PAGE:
The airline will from today resume a domestic schedule, underwritten by the federal government, for eight weeks.

It means Virgin will reinstate some of the flight, cabin and ground crew and other operational staff it stood down during the COVID-19 fallout.

Virgin airlines restarting
Some Virgin flights are restarting. Image: Steve Parsons/PA Images via Getty.

"As a major Australian airline, we are proud to support the federal government in returning passengers home and enabling essential travellers to continue flying during this time," Virgin said.

The flights will service most Australian capital cities and a number of regional airports including Broome, Kalgoorlie, the Gold Coast, Mackay, Cairns and Townsville.

The airline is already operating international repatriation flights to Los Angeles and Hong Kong at the government's request, as well as transporting transport cargo and providing charter services.

Trump outlines phased reopening of America.

New White House guidelines outline a phased approach to restoring normal commerce and services, but only for places with strong testing and a decrease in COVID-19 cases.


US President Donald Trump unveiled his administration's plans to ease social distancing requirements on a call with the nation's governors on Thursday.

when will coronavirus peak in australia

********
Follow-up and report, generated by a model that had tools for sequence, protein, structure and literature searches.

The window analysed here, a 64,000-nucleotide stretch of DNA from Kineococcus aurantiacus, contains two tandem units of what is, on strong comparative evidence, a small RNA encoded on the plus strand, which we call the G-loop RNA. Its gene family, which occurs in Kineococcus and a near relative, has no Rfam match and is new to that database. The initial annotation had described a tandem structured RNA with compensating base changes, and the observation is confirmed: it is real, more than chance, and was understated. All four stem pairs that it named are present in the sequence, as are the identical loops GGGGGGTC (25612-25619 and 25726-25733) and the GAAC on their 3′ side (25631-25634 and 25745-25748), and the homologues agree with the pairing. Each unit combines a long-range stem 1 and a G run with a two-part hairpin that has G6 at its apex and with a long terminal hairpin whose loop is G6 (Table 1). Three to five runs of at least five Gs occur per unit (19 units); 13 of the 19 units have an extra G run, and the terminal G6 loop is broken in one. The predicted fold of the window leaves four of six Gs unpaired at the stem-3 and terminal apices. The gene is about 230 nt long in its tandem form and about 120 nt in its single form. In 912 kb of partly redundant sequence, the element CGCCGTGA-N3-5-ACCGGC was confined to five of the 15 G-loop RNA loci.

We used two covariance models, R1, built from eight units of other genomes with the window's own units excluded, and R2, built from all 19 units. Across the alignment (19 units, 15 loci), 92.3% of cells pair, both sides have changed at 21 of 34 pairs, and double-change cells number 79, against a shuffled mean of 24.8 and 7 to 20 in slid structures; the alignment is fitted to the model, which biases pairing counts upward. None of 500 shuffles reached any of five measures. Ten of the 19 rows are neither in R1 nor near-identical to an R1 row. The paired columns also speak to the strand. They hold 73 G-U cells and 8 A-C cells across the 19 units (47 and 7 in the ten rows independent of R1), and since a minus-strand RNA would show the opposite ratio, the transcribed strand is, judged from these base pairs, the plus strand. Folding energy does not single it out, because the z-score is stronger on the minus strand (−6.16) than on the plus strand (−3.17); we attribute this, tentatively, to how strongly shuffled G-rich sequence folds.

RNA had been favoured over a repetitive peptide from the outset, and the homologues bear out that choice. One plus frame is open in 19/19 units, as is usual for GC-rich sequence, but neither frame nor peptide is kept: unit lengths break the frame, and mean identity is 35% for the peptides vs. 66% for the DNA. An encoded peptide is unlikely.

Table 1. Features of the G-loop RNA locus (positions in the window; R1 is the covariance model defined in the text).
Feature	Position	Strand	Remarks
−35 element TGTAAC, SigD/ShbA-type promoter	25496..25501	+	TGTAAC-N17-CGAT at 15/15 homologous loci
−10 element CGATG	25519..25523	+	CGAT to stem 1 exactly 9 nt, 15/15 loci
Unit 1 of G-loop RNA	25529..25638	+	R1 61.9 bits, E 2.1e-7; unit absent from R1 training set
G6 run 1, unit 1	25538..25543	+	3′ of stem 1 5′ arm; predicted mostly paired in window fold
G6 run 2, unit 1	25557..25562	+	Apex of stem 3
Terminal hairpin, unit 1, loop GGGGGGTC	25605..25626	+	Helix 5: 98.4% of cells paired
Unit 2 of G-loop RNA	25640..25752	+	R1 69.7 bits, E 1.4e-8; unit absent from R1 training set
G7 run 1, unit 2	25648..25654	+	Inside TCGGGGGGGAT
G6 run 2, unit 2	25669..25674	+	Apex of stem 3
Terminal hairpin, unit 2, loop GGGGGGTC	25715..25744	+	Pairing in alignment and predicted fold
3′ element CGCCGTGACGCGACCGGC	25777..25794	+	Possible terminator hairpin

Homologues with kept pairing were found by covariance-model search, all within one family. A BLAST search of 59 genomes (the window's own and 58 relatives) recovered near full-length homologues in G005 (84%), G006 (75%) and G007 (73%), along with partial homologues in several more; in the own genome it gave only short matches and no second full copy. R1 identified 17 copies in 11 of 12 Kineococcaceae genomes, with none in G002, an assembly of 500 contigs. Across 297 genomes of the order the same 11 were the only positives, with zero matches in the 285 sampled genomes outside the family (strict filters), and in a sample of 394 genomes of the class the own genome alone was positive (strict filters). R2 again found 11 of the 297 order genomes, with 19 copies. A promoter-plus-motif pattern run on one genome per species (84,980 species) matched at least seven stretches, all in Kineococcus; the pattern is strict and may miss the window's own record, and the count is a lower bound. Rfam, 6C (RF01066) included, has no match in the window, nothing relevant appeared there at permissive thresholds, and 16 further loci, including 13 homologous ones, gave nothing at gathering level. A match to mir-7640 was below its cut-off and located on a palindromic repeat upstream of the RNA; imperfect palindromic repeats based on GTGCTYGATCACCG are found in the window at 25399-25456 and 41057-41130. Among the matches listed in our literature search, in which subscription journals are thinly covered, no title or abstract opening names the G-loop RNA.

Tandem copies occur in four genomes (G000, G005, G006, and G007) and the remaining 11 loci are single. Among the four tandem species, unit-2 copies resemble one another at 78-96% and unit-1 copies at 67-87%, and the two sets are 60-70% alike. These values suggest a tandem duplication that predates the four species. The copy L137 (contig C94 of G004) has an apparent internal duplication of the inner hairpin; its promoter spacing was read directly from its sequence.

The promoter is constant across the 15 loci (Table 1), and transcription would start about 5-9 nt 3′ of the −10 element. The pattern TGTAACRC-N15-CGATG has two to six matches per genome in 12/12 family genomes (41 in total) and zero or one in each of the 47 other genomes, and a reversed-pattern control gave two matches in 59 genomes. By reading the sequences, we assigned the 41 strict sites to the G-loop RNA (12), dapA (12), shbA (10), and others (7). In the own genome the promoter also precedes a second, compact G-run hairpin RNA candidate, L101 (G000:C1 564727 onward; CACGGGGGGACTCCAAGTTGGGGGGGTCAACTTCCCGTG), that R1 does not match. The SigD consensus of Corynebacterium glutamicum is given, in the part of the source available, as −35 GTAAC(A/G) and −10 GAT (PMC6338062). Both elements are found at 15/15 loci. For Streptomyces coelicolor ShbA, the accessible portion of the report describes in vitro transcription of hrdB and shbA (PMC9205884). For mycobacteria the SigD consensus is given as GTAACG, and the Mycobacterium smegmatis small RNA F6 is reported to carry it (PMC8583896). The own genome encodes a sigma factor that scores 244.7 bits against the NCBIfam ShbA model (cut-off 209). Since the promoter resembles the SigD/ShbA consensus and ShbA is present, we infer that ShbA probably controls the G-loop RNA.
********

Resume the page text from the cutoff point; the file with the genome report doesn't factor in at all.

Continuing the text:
Trump's plan for a reopening not as sudden as he once announced. Image: Win McNamee/Getty.

Areas with declining infections and strong testing would begin a three-phased gradual reopening of businesses and schools, with each phase lasting at least 14 days.

The recommendations make clear that the return to normalcy will be a far longer process than Trump initially envisioned, with federal officials warning that some social distancing measures may need to remain in place through the end of the year to prevent a new outbreak.

- With AAP

Feature image: AAP/WellChild.

To protect yourself and the community from COVID-19, keep at least 1.5 metres away from other people, regularly wash your hands and avoid touching your face.

If you are sick and believe you have symptoms of COVID-19, call your GP ahead of time to book an appointment. Or call the national Coronavirus Health Information Line for advice on 1800 020 080. If you are experiencing a medical emergency, call 000.

To keep up to date with the latest information, please visit the Department of Health website.